By the mid 1990s it was generally accepted that carbohydrates are absorbed, metabolized, and stored with less energetic efficiency than dietary fat and were protective against weight gain. Indeed, a general perception was developing that because de novo lipogenesis appears limited when humans feed on Western diets, carbohydrate ingestion does not promote fat storage. At the same time the notion that carbohydrate metabolism or stores exert powerful negative feedback on EI became quite firmly established. By the same reasoning, diets high in carbohydrates were deemed to be more satiating, specifically because they were high in carbohydrates. High-fat diets were seen to promote overconsump-tion because they are relatively low in carbohydrate.

Recently, doubts have surfaced about the paramount role of carbohydrates as the central nutrient around which energy balance is regulated and body weight controlled. Several rigorous tests of carbohydrate-specific models of feeding have suggested that carbohydrate oxidation or stores do not exert powerful negative feedback on EI. Rather, as macronutrients come in the diet (where fat is disproportionately energy dense) there appears to be a hierarchy in the satiating efficiency of the macronutrients protein, carbohydrate, and fat. Per megajoule of energy ingested protein induces supercaloric compensation, carbohydrate generates approximately caloric compensation, and fat precipitates subcaloric compensation, and hence often excess EI. When energy density is controlled protein is still far more satiating than carbohydrates or fats (at least when ingested in excess of 1-1.5 MJ loads). Under these conditions differences in the satiating efficiency of carbohydrates and fats become subtle. Some studies are now showing that it is possible to overeat when consuming a high-carbohydrate, energy-dense diet. Furthermore, in recent studies where both fats and sugars are added to the diet, there is no evidence that increasing sugar intake levers fat out of the diet and protects against weight gain.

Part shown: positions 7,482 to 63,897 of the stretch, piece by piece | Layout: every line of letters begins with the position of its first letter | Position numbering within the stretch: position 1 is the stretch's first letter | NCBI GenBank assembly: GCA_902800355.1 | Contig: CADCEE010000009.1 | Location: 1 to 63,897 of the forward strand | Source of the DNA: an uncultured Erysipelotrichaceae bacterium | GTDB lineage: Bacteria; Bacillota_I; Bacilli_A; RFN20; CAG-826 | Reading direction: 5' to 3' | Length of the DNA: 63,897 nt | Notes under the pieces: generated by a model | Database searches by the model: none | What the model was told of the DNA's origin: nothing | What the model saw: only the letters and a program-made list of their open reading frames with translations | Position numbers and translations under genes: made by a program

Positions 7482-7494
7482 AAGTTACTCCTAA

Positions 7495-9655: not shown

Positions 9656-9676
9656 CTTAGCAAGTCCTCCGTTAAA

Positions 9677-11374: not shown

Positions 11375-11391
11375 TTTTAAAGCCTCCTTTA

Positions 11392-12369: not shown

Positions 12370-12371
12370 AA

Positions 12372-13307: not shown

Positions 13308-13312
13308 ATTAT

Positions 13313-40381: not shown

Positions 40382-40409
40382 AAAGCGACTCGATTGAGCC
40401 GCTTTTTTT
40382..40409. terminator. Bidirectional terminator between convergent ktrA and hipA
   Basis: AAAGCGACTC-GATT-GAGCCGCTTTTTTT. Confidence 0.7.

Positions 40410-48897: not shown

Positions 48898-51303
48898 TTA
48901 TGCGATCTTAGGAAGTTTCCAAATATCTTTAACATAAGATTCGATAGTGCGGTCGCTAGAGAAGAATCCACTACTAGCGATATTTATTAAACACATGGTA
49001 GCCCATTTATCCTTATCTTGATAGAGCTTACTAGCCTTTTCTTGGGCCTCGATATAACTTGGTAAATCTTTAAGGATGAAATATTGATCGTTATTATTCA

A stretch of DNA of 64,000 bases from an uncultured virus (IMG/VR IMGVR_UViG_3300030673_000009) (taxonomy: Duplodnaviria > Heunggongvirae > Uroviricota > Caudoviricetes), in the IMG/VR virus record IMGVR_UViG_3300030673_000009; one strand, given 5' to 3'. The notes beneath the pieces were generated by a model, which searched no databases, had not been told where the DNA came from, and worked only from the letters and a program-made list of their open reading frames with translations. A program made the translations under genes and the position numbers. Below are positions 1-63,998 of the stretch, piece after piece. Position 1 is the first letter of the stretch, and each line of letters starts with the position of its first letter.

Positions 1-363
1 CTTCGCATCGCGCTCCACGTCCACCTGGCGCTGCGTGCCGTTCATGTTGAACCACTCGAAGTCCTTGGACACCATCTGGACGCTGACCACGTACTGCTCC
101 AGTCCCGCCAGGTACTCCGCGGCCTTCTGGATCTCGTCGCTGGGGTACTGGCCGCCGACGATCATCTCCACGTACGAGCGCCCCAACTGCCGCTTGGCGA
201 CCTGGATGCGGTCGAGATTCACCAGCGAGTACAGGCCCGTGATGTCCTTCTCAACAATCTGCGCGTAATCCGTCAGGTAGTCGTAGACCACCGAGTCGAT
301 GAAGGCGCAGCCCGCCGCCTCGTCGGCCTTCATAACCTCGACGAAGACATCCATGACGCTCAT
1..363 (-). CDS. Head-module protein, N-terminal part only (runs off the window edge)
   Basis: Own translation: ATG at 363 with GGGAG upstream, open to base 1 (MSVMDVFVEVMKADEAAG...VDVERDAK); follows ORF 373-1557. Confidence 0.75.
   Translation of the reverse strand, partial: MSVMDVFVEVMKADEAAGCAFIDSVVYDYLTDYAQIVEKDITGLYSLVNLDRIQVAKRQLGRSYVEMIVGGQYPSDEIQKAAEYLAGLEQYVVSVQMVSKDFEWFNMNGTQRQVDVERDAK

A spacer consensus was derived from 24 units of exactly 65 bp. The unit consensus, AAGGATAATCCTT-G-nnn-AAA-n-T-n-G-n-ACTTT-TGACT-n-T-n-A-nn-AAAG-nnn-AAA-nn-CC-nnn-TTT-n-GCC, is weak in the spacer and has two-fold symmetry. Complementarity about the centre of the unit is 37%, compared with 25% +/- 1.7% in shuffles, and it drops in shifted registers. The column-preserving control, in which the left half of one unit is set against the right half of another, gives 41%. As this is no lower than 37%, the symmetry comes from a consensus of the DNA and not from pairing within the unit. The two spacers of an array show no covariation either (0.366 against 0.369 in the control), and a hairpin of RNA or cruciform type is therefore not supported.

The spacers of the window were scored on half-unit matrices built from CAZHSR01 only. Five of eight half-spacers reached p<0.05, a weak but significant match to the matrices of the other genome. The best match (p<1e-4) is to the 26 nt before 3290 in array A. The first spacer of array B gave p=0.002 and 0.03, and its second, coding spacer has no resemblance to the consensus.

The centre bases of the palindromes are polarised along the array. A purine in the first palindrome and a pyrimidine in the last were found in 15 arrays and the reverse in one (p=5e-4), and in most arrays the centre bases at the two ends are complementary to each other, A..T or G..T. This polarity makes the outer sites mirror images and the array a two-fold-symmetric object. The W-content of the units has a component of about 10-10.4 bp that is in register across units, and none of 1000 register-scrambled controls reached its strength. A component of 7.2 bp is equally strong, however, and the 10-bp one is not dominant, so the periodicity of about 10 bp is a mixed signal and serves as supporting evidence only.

The foods most capable of limiting EI (both voluntary and metabolizable) are those rich in unavailable complex carbohydrates. However, humans are not too fond of these foods. The average Western adult's fiber intake is spectacularly low.

It has recently been suggested that carbohydrates with a high glycemic index are especially conducive to weight gain. The evidence relating to the glycemic index of carbohydrates and appetite control is currently very inconclusive. It is likely several factors associated with readily absorbed carbohydrates can promote higher energy intakes. These include their sweetness, ready solubility, and ease with which they can be added to foods and absorbed across the gut wall. It may be a coincidence that these traits also determine the high glycemic load of these carbohydrates. Thus, while certain high-glycemic-index carbohydrates may promote higher energy intakes the effect may not be due to their glycemic index per se.

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